The ongoing rapid progress in the synthesis of a variety of different kinds of nanostructures with fascinating physical properties irreducible to properties of bulk media symbolizes a fundamental breakthrough in the physics and chemistry of condensed matter, significantly extending our knowledge of the nature of solids and our capabilities to control their properties. Solid state nanostructures are constitutive and geometric nanononhomogeneities in semiconductor and dielectric mediums. Fullerenes and nanotubes, semiconductor structures with reduced dimensionalityâquantum wells, wires and dots, and sculptured thin films can be mentioned as examples. Despite their different physical natures, these objects share the common property of having extremely small dimensions in one or more directions. These dimensions are about one or two orders of magnitude bigger than the characteristic interatomic distance, so that (1) spatial confinement of charge carriers is fully developed, thereby providing a discrete spectrum of energy states in one or several directions. Apart from that, the intrinsic spatial nonhomogeneity of nanostructures dictates (2) nanoscale nonhomogeneity of electromagnetic fields in them. Whereas the first factor lies in the focus of current research activity in nanosciences, the role of the second factor is often underestimated. This chapter stresses complementary characters of these two key factors whose interplay drastically modifies the electronic and optical properties of nanostructures as compared to bulk media.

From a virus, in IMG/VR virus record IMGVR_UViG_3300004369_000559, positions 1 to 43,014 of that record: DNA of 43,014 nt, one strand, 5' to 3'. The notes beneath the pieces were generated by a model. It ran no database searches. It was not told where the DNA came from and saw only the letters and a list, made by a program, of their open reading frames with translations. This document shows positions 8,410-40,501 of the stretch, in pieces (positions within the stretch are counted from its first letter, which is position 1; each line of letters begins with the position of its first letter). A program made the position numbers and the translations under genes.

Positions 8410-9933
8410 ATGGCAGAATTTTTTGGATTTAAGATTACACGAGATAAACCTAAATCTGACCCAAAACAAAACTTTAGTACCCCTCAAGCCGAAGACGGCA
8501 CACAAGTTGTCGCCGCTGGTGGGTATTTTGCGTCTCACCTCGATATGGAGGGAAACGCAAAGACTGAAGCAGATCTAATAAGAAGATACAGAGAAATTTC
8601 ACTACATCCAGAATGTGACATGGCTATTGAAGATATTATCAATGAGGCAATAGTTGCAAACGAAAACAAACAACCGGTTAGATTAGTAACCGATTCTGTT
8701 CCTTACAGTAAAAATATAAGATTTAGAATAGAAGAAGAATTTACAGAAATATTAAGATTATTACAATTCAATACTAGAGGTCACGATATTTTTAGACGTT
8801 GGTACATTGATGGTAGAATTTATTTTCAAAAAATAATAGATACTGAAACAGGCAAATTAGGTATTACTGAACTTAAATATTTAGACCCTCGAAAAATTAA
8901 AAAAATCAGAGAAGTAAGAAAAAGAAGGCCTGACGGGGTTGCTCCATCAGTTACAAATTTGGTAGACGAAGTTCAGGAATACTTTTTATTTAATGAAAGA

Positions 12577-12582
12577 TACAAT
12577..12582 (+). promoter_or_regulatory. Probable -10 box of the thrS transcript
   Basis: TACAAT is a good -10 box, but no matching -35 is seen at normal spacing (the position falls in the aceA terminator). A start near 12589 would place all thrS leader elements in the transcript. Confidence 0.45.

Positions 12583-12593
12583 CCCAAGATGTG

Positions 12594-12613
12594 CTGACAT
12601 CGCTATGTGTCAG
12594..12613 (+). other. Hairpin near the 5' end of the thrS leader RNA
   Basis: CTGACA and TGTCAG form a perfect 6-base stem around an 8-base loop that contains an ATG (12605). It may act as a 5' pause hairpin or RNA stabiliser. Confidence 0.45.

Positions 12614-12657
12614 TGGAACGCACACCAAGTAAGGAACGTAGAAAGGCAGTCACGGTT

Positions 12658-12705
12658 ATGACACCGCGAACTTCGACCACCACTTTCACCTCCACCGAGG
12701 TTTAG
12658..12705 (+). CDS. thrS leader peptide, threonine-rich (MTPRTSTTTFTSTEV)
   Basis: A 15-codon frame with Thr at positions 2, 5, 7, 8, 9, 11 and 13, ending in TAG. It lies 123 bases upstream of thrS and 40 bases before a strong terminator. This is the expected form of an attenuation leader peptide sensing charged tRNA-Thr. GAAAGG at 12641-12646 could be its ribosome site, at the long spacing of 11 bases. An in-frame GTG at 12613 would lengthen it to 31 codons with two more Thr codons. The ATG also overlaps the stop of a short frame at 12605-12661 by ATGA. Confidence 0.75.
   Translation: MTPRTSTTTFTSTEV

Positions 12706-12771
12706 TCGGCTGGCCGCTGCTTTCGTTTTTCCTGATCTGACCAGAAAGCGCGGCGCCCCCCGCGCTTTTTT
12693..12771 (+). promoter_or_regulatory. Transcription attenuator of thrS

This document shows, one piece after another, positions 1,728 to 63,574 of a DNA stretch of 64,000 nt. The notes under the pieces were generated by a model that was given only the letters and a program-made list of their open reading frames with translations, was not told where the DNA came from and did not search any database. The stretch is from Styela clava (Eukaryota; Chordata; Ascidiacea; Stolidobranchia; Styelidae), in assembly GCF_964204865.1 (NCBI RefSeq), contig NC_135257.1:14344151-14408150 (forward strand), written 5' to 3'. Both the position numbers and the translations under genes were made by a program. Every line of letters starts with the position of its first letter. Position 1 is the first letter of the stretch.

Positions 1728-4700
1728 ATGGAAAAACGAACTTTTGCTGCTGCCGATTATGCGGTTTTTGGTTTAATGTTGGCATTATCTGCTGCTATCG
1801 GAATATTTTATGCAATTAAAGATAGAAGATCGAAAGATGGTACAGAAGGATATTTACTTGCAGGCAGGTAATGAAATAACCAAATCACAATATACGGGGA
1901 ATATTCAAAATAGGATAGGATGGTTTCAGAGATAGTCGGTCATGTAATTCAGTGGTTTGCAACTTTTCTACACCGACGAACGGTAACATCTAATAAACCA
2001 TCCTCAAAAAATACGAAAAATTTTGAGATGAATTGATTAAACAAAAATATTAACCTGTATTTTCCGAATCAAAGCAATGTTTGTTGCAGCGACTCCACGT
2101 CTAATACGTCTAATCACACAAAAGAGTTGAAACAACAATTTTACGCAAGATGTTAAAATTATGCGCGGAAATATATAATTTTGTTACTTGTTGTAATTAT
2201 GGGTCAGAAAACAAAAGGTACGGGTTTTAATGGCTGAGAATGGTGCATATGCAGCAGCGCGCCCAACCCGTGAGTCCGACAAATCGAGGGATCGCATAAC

Conventionally, condensed-matter physics is completely associated with homogeneous media, which are characterized by corresponding dispersion equations for coupled states of the electromagnetic field and material particles. The solutions of a dispersion equation describe the eigenwaves of the mediaâthe so-called quasi-particlesâwhich differ from usual (free) particles by the complex behavior of their dispersion characteristics (energy versus quasi-momentum). The embedding of nanoscale nonhomogeneities in a homogeneous media creates conditions for diffraction and scattering of quasi-particles and for their mutual transformation, in the same way as in irregular waveguides.
An important role is played by the resonant interactions between different modes and the corresponding matching conditions. The first step in the incorporation of resonant interactions of quasi-particles was made in the theory of quantum semiconductor superlattices. Their high-frequency and optical properties turned out to be very unusual: negative differential conductivity, propagation of longitudinal (plasma) waves, and so on. The interaction of different modes in nanostructures appears to be even more complex due to the greater variety in interacting modes and the complex 3D geometry of the nonhomogeneities. It is no wonder that the electronic and electromagnetic properties of nanomaterials appear to be richer and more diverse.